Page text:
Written by Seth Rowden Posted 4 October 2022
For those of you who don’t know (which is most of you), I happen to live in Norwich.
Ironically, I moved here from Brighton, the exact reverse migration of the Norfolk-born Creative Director of UnitedUs, the agency behind Farmyard Frozen.
Like many restaurants in 2020, Farmyard in Norwich had to think creatively about how to serve its à la carte menu to customers who couldn’t leave their homes.
You could say that Farmyard Frozen is a more refined version of their lockdown experiments, although that would be unfair. It’s more accurate to say it’s lockdown-inspired.
These are restaurant-quality frozen meals made from locally-sourced ingredients and delivered across the UK. Before we get into the spin-off brand, we should probably talk about the restaurant itself.
Since it’s basically down the road, I’ve eaten at Farmyard several times. We’re lucky to have dozens of incredible restaurants on the doorstep – Benedicts (my favourite), Roger Hickman’s, Benoli, Woolf & Social, Stoke Mill, The Wildebeest, XO, L’Hexagone to merely scratch the surface without even venturing towards the rural gems like Rocky Bottom, Steak In The Sticks, The Orange Tree and dozens of others.
I could write a book about the creative transformation Norwich has gone through in recent years, but that isn’t the purpose of the article. The point is, Farmyard sits within a lively food scene.
So how does it measure up?
Well, it’s right up there. The Farmyard is a three AA Rosette restaurant run by husband and wife Andrew Jones and Hannah Springham. Jay Rayner said some nice things about them, which is unusual in itself, and he wanted to hug the staff.
The interior is modern and full of natural light. It’s always busy yet never crowded. Think vibrant, relaxed and minimal without feeling stark or cold. There are no tablecloths or candles, just great food that’ll put a smile on your face.
Like a satisfying wine pairing, the frozen range needed to compliment the look and feel of the restaurant.
The choice to focus on short “bite-sized” slogans makes sense. The copy isn’t doing the heavy lifting it would on a menu. There are no abstract descriptions that are impossible to decipher and hard to pronounce.
Instead, the language is unpretentious – stuff you’d blurt out after tasting a mouthful of tender beef wellington (only to realise with a blush that you might want to rephrase).
Many of these tongue-in-cheek slogans lean towards sexual innuendo, the sort of thing Noel Fielding and Matt Lucas might come out with to raise a smile from a contestant.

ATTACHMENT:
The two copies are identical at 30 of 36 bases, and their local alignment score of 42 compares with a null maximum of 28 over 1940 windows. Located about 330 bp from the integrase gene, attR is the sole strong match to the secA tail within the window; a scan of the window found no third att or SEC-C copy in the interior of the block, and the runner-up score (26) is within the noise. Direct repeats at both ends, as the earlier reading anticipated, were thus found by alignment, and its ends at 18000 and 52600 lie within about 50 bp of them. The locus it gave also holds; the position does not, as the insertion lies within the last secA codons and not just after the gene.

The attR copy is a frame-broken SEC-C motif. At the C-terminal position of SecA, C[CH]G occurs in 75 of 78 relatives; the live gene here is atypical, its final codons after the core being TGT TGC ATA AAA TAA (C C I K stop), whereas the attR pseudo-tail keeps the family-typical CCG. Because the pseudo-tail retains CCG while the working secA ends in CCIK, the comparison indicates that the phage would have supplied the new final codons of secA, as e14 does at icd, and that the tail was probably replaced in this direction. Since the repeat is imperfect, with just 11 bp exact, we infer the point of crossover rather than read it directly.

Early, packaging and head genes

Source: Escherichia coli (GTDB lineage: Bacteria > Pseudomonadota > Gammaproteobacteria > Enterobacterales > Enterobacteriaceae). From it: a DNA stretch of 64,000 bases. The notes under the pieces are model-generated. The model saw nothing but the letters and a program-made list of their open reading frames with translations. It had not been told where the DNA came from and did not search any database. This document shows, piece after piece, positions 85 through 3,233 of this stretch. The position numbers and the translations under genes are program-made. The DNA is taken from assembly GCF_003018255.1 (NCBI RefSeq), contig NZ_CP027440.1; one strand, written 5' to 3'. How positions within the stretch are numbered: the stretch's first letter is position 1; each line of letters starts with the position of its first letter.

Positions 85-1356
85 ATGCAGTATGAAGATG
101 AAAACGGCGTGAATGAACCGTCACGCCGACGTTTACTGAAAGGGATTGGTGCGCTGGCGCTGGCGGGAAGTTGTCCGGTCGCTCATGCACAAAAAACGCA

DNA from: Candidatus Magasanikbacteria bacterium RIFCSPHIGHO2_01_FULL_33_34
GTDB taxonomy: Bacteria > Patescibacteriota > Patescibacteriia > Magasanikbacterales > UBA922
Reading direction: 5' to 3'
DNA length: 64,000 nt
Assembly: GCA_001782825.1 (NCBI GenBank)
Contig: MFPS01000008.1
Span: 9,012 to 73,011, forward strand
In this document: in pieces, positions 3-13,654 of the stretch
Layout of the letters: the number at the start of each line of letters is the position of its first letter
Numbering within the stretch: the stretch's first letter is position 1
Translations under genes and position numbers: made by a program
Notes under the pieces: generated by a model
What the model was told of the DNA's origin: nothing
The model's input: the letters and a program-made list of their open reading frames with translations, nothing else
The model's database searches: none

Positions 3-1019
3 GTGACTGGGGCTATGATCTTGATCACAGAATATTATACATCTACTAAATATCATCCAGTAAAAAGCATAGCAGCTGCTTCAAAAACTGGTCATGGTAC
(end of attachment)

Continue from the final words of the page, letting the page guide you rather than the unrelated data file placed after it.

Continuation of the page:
The design further amplifies a colourful, bold and humorous brand voice. Hot pink type is drawn almost like it’s written by a finger dipped in sauce – not so literal that it’s gross, but just enough to suggest a hands-on attitude to food.
You don’t need a refined palate to feel included. The language helps to demystify fine dining and appeal to a younger audience who might not frequent the restaurant or could even feel intimidated by the whole experience.
This last point is important.
I wonder how many Farmyard customers understand the pop culture reference behind the “No carbs before Marbs” mantra. That said, Farmyard Frozen is speaking to a new demographic; it’s a different price point and proposition to booking a table at their restaurant.
Rather than replicating the in-person dining experience or competing with the freezer aisle in the supermarket, Farmyard Frozen sits somewhere in the middle.
You might assume they’re speaking to new parents who are too exhausted to eat out, couples who subscribe to Hello Fresh or grab a mid-week Charlie Bingham, hosts who want to claim all the glory, or those who thumb-swipe a Deliveroo on a Friday night.
And you wouldn’t be wrong.
But there’s an opportunity for Farmyard Frozen to embrace a more ambitious vision.
Instead of marketing themselves as posh frozen meals or a tastier alternative to a take-away that’s been sweating in a bag for the last 15 minutes, I wonder if their arrival marks the start of a more exciting culinary movement.
One where chef-run restaurants continue the “from our yard to yours” relationships they started in 2020. Where food lovers can support local businesses, order from chefs they love and sample highlights from a seasonal menu, even if they live miles away.
The fact these meals are frozen is almost a side note.
It’s simply a means for decent restaurants who care deeply about food to achieve two goals: create additional revenue streams and scale their business without becoming a chain.
I hope this concept is a success. I hope customers brighten up their freezers with Farmyard Frozen. But most of all, I hope other restaurants follow.